Sharpton admitted cooperating with the FBI/NYPD unit that was targeting the Genovese crime family, but insisted he wasn’t a “rat.” ”I am not a rat,” Sharpton tweeted. “I am a cat, I chase rats thugs, gangsters, bigots, drug dealers. Bad cops whoever out of our community. That is right.”

Not only did Sharpton place quotation marks around that great statement — as if he was quoting someone else — he gave the Daily News and Post more ammo for their covers. We think the Daily News won this round, but only because that is one creepy illustration.

The Star-Ledger Cuts 167 Jobs

Well, this is depressing. Advance Publications’ The Star-Ledger is cutting about 167 jobs, including 25 percent of its newsroom.

The layoffs will mean the paper will be out 40 of its 156 reporters, editors, photographers and other various staffers.

According to NJ.com, the massive layoffs were not surprising:

The cuts were not unexpected, with the announcement last week of the creation of a new media company—NJ Advance Media—which is to provide content, advertising and marketing services to all the newspapers owned by Advance Publications in New Jersey and Pennsylvania. Sales and marketing functions of the new company will launch in June, with content operations to begin in September, according to executives.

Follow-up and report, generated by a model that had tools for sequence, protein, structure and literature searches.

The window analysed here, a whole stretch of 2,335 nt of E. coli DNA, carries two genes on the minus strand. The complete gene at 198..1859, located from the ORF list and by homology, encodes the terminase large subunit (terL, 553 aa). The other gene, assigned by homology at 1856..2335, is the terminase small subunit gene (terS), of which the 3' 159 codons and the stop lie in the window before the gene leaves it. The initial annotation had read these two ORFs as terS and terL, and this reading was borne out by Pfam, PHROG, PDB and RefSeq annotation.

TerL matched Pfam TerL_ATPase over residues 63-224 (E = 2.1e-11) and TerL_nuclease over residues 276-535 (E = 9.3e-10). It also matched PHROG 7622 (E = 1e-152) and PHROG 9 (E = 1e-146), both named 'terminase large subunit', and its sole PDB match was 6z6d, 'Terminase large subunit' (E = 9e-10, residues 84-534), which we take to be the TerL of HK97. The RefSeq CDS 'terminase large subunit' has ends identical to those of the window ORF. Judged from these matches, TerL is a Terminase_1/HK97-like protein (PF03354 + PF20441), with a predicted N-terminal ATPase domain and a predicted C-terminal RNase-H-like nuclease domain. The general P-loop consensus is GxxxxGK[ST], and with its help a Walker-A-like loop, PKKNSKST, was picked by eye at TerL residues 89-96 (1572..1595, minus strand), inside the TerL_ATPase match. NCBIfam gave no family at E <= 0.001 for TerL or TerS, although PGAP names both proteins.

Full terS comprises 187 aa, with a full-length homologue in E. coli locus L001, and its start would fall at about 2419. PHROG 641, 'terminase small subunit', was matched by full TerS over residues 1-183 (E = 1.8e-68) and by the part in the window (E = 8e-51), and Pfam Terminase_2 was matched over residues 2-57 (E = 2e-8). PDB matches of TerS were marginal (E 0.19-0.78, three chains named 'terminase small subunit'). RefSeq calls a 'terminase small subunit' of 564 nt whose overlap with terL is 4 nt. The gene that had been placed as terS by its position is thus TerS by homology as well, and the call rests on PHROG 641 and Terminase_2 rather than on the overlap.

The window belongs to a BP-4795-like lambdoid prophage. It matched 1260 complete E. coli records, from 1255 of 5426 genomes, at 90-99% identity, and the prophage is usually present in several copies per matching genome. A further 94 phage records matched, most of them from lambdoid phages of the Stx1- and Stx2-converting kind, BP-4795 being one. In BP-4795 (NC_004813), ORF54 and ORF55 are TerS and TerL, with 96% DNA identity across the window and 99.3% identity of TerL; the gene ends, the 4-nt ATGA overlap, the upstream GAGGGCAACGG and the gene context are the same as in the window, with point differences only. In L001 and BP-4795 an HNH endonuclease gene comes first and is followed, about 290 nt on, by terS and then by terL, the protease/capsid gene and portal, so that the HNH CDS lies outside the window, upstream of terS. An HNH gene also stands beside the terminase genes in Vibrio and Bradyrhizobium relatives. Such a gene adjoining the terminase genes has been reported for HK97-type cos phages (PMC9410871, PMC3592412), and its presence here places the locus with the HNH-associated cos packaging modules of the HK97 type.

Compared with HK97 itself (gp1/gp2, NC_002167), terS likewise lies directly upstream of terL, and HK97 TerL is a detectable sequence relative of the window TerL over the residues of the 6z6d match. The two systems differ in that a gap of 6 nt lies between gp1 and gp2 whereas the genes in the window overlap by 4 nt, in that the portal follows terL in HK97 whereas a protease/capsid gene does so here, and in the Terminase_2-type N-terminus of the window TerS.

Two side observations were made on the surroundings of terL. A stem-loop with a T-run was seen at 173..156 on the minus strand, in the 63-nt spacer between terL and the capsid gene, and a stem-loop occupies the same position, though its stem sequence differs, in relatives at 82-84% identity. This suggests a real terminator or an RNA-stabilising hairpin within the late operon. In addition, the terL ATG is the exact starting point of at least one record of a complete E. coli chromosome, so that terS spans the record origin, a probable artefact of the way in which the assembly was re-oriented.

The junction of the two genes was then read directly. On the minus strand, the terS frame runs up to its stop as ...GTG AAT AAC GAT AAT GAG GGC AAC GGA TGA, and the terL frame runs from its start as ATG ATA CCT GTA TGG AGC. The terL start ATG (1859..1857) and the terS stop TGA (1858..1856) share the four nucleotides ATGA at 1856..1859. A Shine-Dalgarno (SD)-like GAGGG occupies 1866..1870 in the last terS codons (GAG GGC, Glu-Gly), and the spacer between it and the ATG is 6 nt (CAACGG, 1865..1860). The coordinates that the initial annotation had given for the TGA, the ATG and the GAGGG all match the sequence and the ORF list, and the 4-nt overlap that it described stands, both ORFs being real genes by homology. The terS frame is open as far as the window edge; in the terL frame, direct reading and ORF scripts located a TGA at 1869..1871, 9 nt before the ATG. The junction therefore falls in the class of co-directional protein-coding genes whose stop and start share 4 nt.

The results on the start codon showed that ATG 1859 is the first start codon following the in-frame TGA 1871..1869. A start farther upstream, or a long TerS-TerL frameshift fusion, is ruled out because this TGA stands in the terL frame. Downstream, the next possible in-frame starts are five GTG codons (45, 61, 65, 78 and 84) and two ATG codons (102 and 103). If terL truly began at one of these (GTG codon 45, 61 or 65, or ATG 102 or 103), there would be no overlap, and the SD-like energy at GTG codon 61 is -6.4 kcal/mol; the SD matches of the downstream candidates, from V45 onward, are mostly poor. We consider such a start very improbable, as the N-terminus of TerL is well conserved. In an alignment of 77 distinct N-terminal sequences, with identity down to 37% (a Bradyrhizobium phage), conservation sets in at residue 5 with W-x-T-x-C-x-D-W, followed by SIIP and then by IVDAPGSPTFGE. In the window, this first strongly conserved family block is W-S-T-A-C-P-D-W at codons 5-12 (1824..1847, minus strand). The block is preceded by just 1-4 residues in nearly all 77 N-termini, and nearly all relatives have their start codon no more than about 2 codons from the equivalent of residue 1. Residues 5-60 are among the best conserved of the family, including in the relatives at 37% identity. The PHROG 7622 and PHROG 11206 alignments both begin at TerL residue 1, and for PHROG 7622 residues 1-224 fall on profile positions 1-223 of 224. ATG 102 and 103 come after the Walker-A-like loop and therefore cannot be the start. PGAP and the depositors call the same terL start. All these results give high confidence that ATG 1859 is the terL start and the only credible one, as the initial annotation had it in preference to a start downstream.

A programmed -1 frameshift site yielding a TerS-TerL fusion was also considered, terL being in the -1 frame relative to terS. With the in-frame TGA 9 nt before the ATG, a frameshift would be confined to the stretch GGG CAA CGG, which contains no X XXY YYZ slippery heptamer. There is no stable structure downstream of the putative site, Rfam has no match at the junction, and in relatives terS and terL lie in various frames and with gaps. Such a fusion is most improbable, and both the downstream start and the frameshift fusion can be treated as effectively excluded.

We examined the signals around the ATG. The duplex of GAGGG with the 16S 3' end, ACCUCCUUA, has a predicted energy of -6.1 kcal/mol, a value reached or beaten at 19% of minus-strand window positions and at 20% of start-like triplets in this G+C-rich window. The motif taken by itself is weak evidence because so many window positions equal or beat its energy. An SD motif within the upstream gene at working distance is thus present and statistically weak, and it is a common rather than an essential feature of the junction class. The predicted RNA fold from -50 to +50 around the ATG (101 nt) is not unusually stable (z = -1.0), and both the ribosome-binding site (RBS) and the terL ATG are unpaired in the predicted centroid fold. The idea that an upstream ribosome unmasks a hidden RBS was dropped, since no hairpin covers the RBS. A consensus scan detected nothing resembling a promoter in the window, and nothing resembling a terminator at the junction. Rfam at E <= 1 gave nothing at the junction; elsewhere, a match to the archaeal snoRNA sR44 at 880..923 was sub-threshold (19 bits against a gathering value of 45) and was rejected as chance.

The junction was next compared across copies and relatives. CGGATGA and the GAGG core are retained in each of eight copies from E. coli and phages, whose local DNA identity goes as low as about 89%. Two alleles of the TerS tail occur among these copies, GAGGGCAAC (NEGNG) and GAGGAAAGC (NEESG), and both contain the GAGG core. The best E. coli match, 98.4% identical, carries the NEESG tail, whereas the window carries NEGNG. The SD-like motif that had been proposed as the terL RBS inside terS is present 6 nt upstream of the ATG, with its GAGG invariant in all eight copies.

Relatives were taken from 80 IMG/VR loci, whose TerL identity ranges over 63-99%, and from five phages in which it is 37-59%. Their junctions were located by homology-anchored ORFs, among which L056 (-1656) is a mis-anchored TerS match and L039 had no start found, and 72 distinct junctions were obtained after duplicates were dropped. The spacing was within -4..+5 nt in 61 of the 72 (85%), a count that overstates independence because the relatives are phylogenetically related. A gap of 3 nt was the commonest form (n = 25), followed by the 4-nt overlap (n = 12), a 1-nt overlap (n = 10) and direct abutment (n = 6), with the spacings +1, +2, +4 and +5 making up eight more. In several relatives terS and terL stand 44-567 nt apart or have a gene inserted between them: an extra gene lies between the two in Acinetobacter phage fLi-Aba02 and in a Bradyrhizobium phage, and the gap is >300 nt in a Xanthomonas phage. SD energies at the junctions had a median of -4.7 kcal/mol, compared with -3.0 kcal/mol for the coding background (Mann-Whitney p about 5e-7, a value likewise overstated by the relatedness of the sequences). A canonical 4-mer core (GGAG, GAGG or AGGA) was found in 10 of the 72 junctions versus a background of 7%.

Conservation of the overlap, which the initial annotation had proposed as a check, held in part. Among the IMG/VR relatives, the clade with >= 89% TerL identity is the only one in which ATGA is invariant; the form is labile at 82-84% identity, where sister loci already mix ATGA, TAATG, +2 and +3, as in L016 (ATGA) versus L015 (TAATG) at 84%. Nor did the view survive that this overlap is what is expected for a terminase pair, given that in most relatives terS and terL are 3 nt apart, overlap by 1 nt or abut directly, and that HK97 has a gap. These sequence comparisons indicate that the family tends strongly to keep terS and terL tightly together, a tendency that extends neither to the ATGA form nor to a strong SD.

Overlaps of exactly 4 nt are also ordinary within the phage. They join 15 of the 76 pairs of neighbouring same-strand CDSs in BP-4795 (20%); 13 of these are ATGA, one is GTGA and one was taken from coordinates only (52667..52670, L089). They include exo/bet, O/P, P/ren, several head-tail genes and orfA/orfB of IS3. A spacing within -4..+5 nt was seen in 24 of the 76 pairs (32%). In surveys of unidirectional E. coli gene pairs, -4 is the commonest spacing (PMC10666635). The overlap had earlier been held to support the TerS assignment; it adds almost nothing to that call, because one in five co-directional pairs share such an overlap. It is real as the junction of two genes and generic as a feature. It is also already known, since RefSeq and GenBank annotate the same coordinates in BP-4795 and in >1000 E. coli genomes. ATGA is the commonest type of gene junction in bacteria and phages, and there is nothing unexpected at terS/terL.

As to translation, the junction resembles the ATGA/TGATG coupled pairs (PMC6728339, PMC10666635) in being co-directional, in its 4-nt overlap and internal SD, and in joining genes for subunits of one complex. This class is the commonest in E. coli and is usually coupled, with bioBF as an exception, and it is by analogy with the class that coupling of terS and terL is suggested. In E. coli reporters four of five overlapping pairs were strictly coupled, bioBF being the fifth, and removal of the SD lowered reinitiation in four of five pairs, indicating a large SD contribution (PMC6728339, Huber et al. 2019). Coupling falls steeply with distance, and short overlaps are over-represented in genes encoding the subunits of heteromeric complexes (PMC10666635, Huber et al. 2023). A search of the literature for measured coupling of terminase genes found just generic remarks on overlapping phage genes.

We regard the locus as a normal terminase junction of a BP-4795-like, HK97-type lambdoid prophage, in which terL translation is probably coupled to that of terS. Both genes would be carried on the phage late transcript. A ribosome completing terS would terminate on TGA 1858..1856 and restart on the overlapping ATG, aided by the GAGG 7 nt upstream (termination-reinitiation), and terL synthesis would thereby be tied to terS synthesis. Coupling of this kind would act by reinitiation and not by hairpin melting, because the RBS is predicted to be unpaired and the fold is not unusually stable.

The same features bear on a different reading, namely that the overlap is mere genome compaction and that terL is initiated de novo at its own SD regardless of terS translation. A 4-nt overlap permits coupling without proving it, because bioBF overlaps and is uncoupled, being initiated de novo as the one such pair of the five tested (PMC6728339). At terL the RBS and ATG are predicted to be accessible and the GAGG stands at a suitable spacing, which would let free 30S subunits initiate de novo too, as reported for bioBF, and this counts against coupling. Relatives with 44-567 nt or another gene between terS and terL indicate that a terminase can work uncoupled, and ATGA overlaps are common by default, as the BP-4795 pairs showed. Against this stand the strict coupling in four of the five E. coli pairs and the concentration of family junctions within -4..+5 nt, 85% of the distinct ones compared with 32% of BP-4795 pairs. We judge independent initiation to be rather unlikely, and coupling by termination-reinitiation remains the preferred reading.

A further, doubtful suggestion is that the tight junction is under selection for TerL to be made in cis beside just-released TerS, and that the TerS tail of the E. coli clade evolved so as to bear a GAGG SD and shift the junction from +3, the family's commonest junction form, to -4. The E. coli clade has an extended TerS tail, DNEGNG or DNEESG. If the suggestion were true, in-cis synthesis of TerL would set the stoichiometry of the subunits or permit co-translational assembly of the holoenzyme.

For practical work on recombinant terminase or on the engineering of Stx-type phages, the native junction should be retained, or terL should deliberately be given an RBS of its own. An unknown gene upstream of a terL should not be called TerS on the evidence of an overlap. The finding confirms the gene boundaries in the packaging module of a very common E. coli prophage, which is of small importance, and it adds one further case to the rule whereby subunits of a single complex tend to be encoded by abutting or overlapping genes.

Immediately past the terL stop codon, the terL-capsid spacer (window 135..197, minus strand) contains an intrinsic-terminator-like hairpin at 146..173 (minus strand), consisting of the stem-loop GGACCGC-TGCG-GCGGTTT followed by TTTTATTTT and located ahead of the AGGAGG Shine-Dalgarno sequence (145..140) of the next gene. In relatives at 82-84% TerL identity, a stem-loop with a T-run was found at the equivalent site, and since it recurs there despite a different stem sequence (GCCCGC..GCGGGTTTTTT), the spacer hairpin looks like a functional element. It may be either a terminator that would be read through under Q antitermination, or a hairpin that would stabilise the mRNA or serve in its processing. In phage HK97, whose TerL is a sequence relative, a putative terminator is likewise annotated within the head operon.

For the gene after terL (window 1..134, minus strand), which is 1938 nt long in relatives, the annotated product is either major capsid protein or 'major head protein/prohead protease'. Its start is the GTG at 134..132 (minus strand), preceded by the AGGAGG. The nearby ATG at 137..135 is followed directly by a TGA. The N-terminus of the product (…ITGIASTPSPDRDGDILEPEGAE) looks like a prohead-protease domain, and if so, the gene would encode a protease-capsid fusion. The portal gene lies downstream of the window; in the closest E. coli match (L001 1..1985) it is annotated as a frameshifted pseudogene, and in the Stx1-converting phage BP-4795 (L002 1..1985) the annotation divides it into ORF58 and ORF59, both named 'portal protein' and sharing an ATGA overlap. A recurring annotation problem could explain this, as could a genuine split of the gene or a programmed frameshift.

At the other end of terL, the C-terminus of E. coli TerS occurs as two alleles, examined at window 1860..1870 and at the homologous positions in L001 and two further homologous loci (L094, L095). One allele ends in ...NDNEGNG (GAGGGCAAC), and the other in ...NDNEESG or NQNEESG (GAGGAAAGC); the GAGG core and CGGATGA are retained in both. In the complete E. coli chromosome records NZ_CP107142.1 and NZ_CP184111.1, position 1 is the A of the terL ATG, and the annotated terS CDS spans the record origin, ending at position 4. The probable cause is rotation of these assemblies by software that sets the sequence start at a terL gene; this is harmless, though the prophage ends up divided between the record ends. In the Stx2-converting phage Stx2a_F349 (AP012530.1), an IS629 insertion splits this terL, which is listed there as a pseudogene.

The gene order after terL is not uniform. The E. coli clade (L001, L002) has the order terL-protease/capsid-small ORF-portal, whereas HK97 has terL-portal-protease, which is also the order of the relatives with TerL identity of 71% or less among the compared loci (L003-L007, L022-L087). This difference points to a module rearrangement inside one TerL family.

Even with the consolidation and cuts at the Star-Ledger, the paper  —  along with the others impacted, including The Times of Trenton, The South Jersey Times and The Express-Times of Easton, Pennsylvania — will continue to publish each day.

NY Post to Launch Entertainment Vertical

nypostlogoThe New York Post is getting set to expand its entertainment coverage. Capital New York reports that Mark Graham, who has worked at VH1, MTV and New York’s Vulture, is in charge of leading a new pop culture centric vertical on NYPost.com.

Graham is currently hiring an online team to help create content for the vertical. He reports to NYPost.com’s chief, Remy Stern.

The Post already has Page Six — which will tell you about the time Kim Kardashian tried to take a selfie with an elephant — so an entertainment vertical seems like a natural fit for the paper.